The recent interest in alternatives to stock options – fueled by corporate governance concerns, imminent changes in accounting rules, and changes in equity markets – has led to the discussion of the appropriate "conversion rate": how many units of the new form of award should be given in lieu of a stock option.
Because options have been the "currency" of long-term incentives for decades now, most survey data, grant guidelines, and measures of usage (overhang and run rate) assume that all grants are option grants. As companies consider restricted stock, restricted stock units, performance shares, and long-term cash incentive plans, many look to the few companies that have completely (for now) abandoned options. Microsoft, Amazon, Expedia and others become the new reference point.
The one-for-three number currently is making its rounds as the "right" ratio. This has its roots in several places including the rumored average conversion rate in Microsoft’s restricted stock unit program and the average fortune 500 Black-Scholes value of 33%.
An issue that has not been addressed is the assumption that a full-value grant is equal to its face value. This is because forcing the Black-Scholes valuation (by treating a restricted share as an option with a strike price of $0.00, or $0.000001 to make most models return a value) yields a number equal to face value. But option pricing models, which have an implicit stock price growth assumption, were never intended to value employee stock grants (let alone employee option grants) and their use further distorts the data needed for compensation decisions.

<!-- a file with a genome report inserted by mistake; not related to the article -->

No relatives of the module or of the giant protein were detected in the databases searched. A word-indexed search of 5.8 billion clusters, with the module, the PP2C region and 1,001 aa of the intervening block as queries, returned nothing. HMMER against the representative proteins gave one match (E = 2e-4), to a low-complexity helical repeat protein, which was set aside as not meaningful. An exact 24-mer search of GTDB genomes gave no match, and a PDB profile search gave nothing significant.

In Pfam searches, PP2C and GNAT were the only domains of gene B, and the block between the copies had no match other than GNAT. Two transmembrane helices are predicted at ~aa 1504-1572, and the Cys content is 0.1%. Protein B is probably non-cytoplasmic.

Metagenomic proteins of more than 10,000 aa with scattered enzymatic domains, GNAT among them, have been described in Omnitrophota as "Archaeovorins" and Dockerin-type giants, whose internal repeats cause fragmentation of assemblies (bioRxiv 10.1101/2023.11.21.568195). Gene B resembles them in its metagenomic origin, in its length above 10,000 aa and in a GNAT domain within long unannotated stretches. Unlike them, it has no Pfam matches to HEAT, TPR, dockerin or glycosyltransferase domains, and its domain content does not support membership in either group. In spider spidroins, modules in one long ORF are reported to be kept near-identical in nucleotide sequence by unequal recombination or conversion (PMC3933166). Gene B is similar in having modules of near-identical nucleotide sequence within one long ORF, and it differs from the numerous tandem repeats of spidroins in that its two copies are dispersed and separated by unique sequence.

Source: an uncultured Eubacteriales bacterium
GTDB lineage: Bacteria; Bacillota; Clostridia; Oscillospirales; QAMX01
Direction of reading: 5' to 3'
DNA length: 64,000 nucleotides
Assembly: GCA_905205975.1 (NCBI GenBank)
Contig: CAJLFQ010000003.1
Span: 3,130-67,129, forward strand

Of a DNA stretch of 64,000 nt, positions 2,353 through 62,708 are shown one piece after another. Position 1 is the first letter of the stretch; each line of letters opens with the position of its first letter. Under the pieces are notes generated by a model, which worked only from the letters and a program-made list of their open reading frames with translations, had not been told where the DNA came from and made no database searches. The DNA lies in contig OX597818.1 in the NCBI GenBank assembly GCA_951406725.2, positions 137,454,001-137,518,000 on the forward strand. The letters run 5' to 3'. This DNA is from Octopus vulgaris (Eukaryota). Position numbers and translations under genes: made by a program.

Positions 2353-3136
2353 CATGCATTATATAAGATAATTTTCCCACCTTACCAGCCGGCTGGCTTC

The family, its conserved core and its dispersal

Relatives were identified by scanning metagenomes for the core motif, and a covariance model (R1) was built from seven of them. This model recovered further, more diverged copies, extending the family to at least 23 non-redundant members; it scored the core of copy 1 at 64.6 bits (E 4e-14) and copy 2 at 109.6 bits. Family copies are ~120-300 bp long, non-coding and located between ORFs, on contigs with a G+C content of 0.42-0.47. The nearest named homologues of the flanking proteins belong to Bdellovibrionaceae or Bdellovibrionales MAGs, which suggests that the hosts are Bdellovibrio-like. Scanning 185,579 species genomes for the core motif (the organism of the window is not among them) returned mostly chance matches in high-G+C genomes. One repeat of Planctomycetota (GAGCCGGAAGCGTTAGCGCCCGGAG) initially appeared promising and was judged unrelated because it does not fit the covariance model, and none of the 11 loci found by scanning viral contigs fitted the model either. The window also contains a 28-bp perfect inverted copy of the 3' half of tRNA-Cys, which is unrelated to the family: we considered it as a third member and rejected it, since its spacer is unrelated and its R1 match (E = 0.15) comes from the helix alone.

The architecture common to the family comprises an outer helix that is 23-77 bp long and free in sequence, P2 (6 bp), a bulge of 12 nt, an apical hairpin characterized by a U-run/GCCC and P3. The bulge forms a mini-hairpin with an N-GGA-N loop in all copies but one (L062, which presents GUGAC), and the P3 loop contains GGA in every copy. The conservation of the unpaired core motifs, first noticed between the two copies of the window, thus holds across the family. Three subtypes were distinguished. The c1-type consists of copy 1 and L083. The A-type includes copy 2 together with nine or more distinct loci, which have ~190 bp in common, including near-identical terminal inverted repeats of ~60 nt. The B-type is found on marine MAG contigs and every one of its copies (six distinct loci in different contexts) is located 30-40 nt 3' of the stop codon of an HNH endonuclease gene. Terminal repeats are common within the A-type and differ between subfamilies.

For example, a company with a Black-Scholes value of 60% of face value (the average in the technology sector) might give a 25% "haircut" and thus grant a number of restricted shares equal to 60% x (1-25%) = 45% -- 450 restricted shares in lieu of 1,000 options. But a Black-Scholes value of 60% has an implicit growth rate (over a four-year vesting period) of 12.5% per year. A restricted share will thus grow to 160% of face value at that rate. So, in lieu of an option granted at $10.00 that provides a gain of $6.00, the company is granting .45 restricted shares that grow to a value of $7.20 (.45 * $16.00), a 20% premium over the option gain value. . .with no downside risk. Without the haircut, the premium is even greater.
The FASB Exposure Draft and its endorsement of the binomial model (and implicit avenue for reducing reported option value) is highlighting the inappropriateness of these models for compensation planning. While growth-based models require assumptions as well, the availability of analysts’ growth targets and investors total return expectations provide a more rational basis for assumptions than required by option pricing models.
Responsible compensation planning requires abandoning theoretical option pricing models as a basis for compensation allocation among alternative vehicles under the newly emerging "portfolio" approach to long-term incentives. Not only does the gain model provide a more reliable basis for these decisions, it is a method with greater face validity among Board members, employees, and investors.